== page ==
Cardizem is part of a class of drugs called calcium channel blockers. It helps slow down the rate at which calcium moves into your heart and blood vessel walls. This, in turn, helps to relax the vessels, which allows better blood flow and makes it easier for the heart to pump blood.
There are two basic types of calcium channel blockers: dihydropyridine and non-dihydropyridine. The most important difference between the two is that non-dihydropyridine calcium channel blockers can slow down the heart rate, while dihydropyridine calcium channel blockers do not. This medication is a non-dihydropyridine calcium channel blocker, which means that it can decrease the heart rate, which makes the drug useful for certain types of irregular heart rhythms (arrhythmias).
General considerations for when and how to take the medication include the following:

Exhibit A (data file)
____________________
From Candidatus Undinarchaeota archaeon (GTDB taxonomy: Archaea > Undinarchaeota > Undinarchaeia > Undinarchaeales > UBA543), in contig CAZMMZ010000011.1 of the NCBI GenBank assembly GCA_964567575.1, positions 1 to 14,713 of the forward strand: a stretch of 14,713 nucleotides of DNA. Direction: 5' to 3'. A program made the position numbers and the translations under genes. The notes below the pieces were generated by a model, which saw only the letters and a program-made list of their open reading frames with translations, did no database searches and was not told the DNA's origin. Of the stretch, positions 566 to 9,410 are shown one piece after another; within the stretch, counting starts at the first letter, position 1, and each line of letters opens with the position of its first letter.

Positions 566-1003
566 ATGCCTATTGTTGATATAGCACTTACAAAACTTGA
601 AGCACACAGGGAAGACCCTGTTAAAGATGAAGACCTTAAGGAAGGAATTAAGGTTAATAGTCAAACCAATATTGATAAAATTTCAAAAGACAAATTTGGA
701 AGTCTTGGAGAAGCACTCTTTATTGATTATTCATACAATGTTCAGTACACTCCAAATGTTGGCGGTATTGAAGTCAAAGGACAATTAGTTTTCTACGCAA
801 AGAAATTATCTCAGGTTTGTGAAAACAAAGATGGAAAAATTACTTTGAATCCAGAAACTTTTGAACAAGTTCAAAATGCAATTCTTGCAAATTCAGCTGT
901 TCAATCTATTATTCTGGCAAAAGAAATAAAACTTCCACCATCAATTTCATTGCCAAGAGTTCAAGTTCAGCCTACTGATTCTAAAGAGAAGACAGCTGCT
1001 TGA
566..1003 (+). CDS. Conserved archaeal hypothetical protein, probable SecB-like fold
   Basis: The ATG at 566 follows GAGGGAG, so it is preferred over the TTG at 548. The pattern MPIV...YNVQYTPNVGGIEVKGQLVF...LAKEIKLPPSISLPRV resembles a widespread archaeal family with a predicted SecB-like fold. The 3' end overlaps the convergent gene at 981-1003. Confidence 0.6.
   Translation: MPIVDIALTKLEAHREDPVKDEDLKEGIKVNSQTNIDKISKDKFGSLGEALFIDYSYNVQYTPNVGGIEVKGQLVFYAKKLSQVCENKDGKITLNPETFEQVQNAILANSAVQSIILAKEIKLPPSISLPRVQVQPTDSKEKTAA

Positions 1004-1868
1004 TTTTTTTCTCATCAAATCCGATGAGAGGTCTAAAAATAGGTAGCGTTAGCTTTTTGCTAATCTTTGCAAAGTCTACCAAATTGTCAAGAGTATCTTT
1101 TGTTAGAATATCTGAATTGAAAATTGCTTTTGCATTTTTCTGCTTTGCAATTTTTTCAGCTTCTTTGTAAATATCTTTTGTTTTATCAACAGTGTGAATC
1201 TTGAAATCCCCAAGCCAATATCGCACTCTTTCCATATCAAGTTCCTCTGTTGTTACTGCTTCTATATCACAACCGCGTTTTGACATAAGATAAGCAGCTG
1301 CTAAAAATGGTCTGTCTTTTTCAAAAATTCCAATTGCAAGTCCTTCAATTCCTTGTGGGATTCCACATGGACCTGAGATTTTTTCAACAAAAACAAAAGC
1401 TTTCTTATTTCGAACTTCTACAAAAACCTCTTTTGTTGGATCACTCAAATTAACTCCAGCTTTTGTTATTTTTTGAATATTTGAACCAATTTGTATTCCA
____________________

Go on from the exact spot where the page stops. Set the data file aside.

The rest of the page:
- It comes in tablet form and is taken by mouth, usually three or four times a day.
- You should take your dosages before meals and at bedtime.
- The medication should be taken at the same times each day to maintain an even level in your blood.
- For the medicine to work properly, it must be taken as prescribed. It will not work if you stop taking it.
The dosage that your healthcare provider recommends will vary, depending on a number of factors, including:
- Other medical conditions
- Other medications you may be currently taking.
As is always the case, do not adjust your dose unless your healthcare provider specifically instructs you to do so.
(Click Cardizem Dosage for more information.)
For dosing information on the other forms of the drug, click on: